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by John Howser | Thursday, Mar. 23, 2017, 9:07 AM
Unauthorized use of Vanderbilt University Medical Center’s (VUMC) clinical databases — Epic, Medipac or Star Panel — to check on the health status of fellow employees or to peer into the medical records of other individuals not under their care, can result in progressive discipline.
The VUMC Privacy Office wants Medical Center faculty and staff who have access to systems or databases that contain patient information to keep in mind that access to patients’ information continues to be closely audited for potential privacy violations.
Audits by the Privacy Office have uncovered instances where faculty and staff inappropriately accessed medical records of co-workers or others not under their care.
Gaye Smith, VUMC’s chief privacy officer, said accessing information about patients without a legitimate business purpose or without appropriate authorization, even when done with the best of intentions, is a violation of HIPAA and VUMC policy.
“The Privacy Office finds that violators are most often of two types,” Smith said. “One is the individual who is just curious about a patient that they may know or have heard about, and the other is the individual who wants to get a phone number or room number but inappropriately goes into a system that contains much more personal, protected information.”
Another type of privacy violation involves the individual who logs in under his or her user name and password and walks away from the device, allowing someone else to access information. The user who leaves the device and data unprotected is held accountable for any unauthorized access that occurs under their identification. The individual who accesses the information under someone else’s identification is also in violation of policy.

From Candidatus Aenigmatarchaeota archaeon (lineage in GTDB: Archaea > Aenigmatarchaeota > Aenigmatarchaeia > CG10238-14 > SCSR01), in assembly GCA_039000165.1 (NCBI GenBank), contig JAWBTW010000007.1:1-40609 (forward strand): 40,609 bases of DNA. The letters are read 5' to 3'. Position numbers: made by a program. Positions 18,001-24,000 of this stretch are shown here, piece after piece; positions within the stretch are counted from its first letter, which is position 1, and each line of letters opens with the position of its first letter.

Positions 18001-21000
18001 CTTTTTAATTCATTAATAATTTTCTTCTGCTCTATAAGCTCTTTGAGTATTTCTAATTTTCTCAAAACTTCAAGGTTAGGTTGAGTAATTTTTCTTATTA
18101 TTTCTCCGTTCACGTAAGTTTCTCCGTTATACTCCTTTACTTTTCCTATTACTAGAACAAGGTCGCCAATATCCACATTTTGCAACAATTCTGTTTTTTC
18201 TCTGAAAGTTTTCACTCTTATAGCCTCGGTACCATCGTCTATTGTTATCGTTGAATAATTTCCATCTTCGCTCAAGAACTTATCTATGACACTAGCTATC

The Privacy Office continues to conduct audits of the medical records of Vanderbilt employees who are admitted as patients. Audits have been broadened to now include random and detailed analysis of other patients’ records to make sure those who are accessing this information have an appropriate reason to do so. The Privacy pop-up alerts that present when certain medical records are accessed will automatically trigger a detailed audit of the access to confirm a clinical or service relationship exists.
“As we have become so accustomed to using these clinical systems we have become somewhat desensitized to the amount of information that’s immediately available,” Smith said.
When instances of potential privacy violations are discovered during the auditing process, or are reported by co-workers or patients, an investigation by the Privacy Office ensues.
The Privacy Office wants to remind all employees who have access to confidential patient information via Medical Center databases to be aware their access to these records is being carefully watched.
“We can tell what documents have been opened and precisely how long someone was looking at them,” Smith said.
Smith said there is an existing Medical Center form that employees can complete if they wish for individuals other than those authorized to have access to their medical records.
Without this completed document, even spouses are violating VUMC’s privacy standards by accessing their husband or wife’s medical records.
John Howser, (615) 322-4747
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